A remarkable change occurs in our brains each night, making us lose the essence of who we are for hours at a time: we fall asleep. A process so familiar to us, sleep nevertheless remains among the most mysterious phenomena in biology. The goal of our work is to understand how the brain reversibly switches between waking and sleep states, and why we need to sleep in the first place. To address these questions, Rogulja uses Drosophila melanogaster as a model system, because sleep in the fly is remarkably similar to mammalian sleep. Flies have consolidated periods of activity and sleep; arousal threshold is elevated in sleeping flies; the brain's electrical activity differs between sleeping and awake flies. As in people, both circadian and homeostatic mechanisms provide input into the regulation of fly sleep: flies are normally active during the day and quiescent at night, but if deprived of sleep will show a consequent increase in "rebound" sleep, regardless of the time of day.
Alison Harris, PhD
Claremont McKenna College
Department of Psychology
HD-EEG Analysis Workshop
October 18, 2013, 10 am, Neuroimaging Core, Mack Social Science 412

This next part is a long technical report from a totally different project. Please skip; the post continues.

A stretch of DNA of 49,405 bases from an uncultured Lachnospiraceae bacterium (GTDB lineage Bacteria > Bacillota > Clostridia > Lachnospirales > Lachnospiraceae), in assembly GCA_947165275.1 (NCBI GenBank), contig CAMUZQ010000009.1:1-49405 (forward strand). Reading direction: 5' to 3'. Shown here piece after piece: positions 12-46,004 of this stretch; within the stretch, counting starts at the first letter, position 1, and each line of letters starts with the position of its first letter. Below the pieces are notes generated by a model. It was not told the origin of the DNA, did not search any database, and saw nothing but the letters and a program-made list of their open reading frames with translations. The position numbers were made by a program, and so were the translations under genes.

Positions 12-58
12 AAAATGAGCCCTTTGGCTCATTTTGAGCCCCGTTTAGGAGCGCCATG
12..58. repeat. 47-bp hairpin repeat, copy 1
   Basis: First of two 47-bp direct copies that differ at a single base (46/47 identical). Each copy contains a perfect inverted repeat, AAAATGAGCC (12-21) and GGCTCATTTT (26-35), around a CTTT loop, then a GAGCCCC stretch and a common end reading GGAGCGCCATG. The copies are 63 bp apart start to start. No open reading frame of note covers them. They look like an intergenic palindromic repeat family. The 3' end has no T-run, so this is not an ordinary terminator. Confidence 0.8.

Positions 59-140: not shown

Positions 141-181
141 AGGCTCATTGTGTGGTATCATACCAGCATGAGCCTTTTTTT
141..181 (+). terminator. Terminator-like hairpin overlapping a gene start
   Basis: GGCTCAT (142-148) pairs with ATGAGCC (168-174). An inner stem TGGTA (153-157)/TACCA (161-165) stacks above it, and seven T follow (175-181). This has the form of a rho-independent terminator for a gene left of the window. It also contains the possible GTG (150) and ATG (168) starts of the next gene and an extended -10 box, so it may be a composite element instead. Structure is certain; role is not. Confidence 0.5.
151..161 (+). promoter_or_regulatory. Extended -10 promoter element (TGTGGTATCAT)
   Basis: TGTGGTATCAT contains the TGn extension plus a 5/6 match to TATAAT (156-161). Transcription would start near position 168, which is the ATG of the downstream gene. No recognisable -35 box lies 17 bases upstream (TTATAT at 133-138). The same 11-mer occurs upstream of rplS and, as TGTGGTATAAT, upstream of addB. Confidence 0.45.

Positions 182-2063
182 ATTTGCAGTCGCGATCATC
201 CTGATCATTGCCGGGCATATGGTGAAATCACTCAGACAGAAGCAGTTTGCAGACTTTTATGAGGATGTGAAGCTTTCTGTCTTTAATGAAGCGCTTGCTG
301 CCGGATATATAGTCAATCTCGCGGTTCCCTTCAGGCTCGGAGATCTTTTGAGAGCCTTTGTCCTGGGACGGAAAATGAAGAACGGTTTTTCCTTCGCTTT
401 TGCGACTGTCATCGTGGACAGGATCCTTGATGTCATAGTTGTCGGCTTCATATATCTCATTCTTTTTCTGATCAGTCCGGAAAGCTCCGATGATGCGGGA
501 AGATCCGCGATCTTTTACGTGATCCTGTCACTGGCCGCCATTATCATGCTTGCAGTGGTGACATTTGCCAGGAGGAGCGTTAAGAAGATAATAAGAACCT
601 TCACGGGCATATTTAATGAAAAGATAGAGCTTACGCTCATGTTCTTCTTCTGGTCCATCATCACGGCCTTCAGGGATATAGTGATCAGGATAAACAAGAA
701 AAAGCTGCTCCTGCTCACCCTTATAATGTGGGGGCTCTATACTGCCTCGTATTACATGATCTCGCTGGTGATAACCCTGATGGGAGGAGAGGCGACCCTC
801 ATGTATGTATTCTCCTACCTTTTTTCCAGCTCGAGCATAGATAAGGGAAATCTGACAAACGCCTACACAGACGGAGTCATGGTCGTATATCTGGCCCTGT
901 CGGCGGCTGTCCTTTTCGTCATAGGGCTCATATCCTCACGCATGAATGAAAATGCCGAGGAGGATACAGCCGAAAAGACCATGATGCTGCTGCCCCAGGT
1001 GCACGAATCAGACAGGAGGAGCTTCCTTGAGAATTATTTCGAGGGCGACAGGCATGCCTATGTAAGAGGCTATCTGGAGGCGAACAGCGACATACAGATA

Event-related brain dynamics of value and decision-making
October 18, 2013, 3:30 pm, Ansari 101
From selecting a snack in the supermarket to allocating financial resources, our lives are filled with choices. Emerging research from human neuroimaging suggests that a common neural circuitry underlies such disparate decisions: in particular, the ventromedial prefrontal cortex (vmPFC) has been associated with subjective value across a wide variety of tasks and goods. However, due to the inherent limitations of hemodynamic measures, comparatively little is known about when and how the vmPFC computes value signals across the time course of decision. Harris will discuss research exploiting the high temporal resolution and whole-brain coverage of event-related potentials (ERP) in order to examine the dynamic construction of value signals. Combined with advanced statistical and source reconstruction techniques, this novel approach reveals that neural activity correlated with subjective preference emerges approximately 400 ms after stimulus onset, localized to regions including vmPFC. Reflecting the integration of sensory attribute information, activity in this time window is also modulated by top-down goals (e.g., weight loss) through connections with dorsolateral prefrontal cortex. Together these results highlight the utility of ERP in understanding the cortical dynamics of decision-making, providing a fuller picture of how neural signals of subjective value emerge in the time leading up to choice.